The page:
7. If I have to look at your big dumb face Tim, when’s the bar open? 11am-ish! I’ll join you after the show, I GOTTA WORK FIRST.
8. If I miss this, can I see it somewhere else? Yep write that address down for “The Beast”, I’m working on a special and will randomly and mysteriously be popping up there and all throughout the tri state area sometimes unannounced mostly for the rest of the year to test out some new material. I promise you haven’t seen anything like what I’m working on.
9. What can we expect? Fun. Whiskey. No pants. Likely a dance number. *Wu Tang Clan. (*FULL DISCLOSURE THERES NO GUARANTEE WU TANG CLAN WILL BE THERE)
10. What time should I get there? I think THE BEAST is a little tight, sooner the better. Hoot, holler, get as loud as you want, take off your shoes, get soulful.



Last weekend, we lost the great “Tommy Ramone” the last original of “The Ramones”.

Tommy had been SUCH an integral part of my music collection VERY early on, but I just didn’t know it.

I’d always been a Ramones fan, as far back as I can remember, I think around the time I got MTV (which for me I was a teenager, I just never had cable, people make early Nickelodeon jokes and I just smile and stare at them blankly) so MTV had a show called “120 Minutes” and I watched it obsessively (to be fair, I watched “Headbangers Ball” and “YO MTV RAPS” obsessively too) but the second I saw that Ramones video “I WANNA BE SEDATED” I was hooked. These guys, they made this wonderful catchy tune, and I immediately had run out to get a few of their records…my first haul of Ramones records was “LOCO LIVE”, “HALFWAY TO SANITY” and “BRAIN DRAIN”…eventually to take it easier on my thin-pathetic- almost empty- teenage wallet, I bought “RAMONES MANIA”, and “ALL THE STUFF AND MORE” VOLUMES 1 AND 2, each one had 30+ songs, so it was easier as I was making 4 bucks an hour at “Pats Cards and News Shop”, where I started working at 14 years old, pretty much to fund all the music I wanted to buy. Should I have maybe saved for a car or some cooler clothes than the ones I was wearing? YEAH PROBABLY, but I didn’t. I bought tons of music instead. The Ramones, WOW. These were amazing sugary pop songs, thrown into a blender and turned to “frappe”, I was hooked, and I mean REALLY hooked. No girls liked me, and at 14-15 years old, I certainly didn’t have many cool things to do anyway, so I specifically remember on Saturday nights, playing those records over and over, and even putting it on “shuffle” so I can hear them in a different order. Then I would make a compilation mix of songs I liked, as I had to be at work the next morning at 6am or whenever to start assembling the Sunday newspapers at “Pats Cards and News Shop” (Sunday papers all arrive in sections, so you have to assemble them and get your hands filthy and black from all the ink) I brought a boom box with me and I played these Ramones compilations, which mostly, no one wanted to hear. I mean it’s 6am and you have some fast talking 14 year old in your ear babbling about Ramones deep cuts, I don’t blame my co workers in that era. It started then, pretty much coinciding with when I discovered “THE REPLACEMENTS” (which I equally played to the point where no one let me control the music selections any longer) my first Replacements record was called “TIM” and I played it in my headphones over and over and over. Something about it. I read the liner notes, saw it was produced by TOMMY ERDELYI, who was also thanked on a SMITHEREENS record I was also playing non stop. So here we are, my life’s soundtrack (well at 14-15) was The Ramones, The Smithereens, and The Replacements, and somehow it ended up all being connected, this Tommy Erdelyi WAS Tommy Ramone, Tommy Ramone WAS Tommy Erdelyi! If he wasn’t drumming or producing the Ramones, he was getting thanked by the Smithereens or producing that amazing Replacements record (he actually produced a couple of them) so for a lot of years in my young life, it was tough to find something I wasn’t obsessing over in which this guy WASN’T somehow connected.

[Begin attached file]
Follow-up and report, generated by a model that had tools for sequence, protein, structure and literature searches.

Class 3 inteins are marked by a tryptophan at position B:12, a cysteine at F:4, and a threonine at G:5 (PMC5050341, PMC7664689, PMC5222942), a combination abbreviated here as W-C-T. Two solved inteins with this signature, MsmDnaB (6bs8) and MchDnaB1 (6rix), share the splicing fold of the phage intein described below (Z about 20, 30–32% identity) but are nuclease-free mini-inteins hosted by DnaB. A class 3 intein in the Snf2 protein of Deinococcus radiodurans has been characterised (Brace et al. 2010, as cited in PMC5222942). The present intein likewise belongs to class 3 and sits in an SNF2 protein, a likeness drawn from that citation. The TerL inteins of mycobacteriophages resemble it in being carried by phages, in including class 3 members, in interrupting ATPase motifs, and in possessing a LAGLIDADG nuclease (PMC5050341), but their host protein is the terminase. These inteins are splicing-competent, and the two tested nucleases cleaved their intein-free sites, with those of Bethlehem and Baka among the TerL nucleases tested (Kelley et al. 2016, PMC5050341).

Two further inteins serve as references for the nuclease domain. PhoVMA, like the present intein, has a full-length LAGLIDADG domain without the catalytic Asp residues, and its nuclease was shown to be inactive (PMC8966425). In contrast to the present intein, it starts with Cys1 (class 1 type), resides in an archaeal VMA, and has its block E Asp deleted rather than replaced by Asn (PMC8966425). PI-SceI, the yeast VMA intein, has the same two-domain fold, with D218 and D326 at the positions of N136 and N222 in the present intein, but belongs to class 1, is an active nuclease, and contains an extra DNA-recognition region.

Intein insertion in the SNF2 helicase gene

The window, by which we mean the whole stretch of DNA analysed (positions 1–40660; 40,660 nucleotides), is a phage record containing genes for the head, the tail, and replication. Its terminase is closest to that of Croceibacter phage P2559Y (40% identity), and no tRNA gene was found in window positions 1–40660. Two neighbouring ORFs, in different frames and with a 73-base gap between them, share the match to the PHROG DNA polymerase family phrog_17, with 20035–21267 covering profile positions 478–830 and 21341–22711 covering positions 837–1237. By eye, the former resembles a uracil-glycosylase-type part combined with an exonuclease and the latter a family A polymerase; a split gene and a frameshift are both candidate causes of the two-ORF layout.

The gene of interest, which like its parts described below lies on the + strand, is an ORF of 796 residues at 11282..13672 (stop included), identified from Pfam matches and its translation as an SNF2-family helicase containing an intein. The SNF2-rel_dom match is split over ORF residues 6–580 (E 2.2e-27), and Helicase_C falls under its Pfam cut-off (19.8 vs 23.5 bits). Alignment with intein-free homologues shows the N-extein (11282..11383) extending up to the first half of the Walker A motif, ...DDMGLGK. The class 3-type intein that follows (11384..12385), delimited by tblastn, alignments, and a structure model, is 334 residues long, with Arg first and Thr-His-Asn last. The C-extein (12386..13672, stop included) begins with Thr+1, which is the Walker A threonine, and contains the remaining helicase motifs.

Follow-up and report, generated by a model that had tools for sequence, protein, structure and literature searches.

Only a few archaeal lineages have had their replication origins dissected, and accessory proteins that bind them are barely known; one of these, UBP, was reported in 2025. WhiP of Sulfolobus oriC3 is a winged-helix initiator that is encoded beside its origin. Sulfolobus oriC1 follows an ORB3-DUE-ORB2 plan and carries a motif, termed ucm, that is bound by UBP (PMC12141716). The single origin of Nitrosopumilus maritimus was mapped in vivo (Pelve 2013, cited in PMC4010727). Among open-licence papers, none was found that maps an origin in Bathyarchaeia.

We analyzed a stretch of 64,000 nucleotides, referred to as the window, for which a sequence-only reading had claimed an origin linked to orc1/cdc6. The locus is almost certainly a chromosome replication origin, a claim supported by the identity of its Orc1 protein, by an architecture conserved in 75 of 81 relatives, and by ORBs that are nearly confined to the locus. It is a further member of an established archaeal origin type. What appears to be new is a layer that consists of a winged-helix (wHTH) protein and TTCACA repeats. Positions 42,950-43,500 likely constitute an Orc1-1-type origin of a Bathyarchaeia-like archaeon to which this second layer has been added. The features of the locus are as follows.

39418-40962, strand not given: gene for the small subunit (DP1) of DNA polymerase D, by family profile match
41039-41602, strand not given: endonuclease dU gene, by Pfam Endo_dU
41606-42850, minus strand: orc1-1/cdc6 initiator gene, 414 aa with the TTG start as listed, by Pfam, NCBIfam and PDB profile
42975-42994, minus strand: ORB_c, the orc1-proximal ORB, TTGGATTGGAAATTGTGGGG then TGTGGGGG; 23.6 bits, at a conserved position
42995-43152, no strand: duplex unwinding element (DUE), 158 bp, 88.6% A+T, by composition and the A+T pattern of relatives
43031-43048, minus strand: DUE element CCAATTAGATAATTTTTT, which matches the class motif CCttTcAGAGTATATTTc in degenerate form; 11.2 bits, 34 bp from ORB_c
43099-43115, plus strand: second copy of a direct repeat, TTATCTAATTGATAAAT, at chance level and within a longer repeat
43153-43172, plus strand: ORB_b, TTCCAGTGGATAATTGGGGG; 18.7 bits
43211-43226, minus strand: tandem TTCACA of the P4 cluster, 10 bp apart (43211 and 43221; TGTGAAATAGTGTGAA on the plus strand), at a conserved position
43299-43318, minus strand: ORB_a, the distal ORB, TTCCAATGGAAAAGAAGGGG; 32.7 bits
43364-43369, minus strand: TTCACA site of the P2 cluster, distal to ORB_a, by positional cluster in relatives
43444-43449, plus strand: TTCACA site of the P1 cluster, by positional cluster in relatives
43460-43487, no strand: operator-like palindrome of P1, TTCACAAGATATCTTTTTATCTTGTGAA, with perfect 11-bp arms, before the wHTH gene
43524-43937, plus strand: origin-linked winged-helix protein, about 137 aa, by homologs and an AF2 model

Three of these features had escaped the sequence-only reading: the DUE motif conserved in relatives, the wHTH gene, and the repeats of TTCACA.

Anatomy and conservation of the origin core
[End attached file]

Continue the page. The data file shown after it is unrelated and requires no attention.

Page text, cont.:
With art though, that’s the great thing, it’ll last forever. We lost Tommy Ramone, but his music will last forever, and any memory of my teen years til now (I’m currently 406 years old) will always have that feeling, that excited “new” feeling of hearing that music, I’ll never ever forget that feeling, and I’m so thankful this guy was around. He’ll be missed.

UPDATED: I just remembered this Ramones story. I was maybe a little older, still teenaged, and they were playing this dive venue in NEWARK DELAWARE called “THE STONE BALLOON” (Springsteen and Metallica played there) and I asked the bouncer if I could come in. He said no. I promised I wouldn’t drink and that I’d just see the gig, hands in my pockets, I’d even stand next to him to he could see I was behaving. Then I said “I’ll be so quiet!” and they kicked me out. It was worth a try. The Ramones are now all gone, and the Stone Balloon was plowed over and rebuilt as “the Stone Balloon Wine Bar” I’m actually unhappy at all of how that turned out.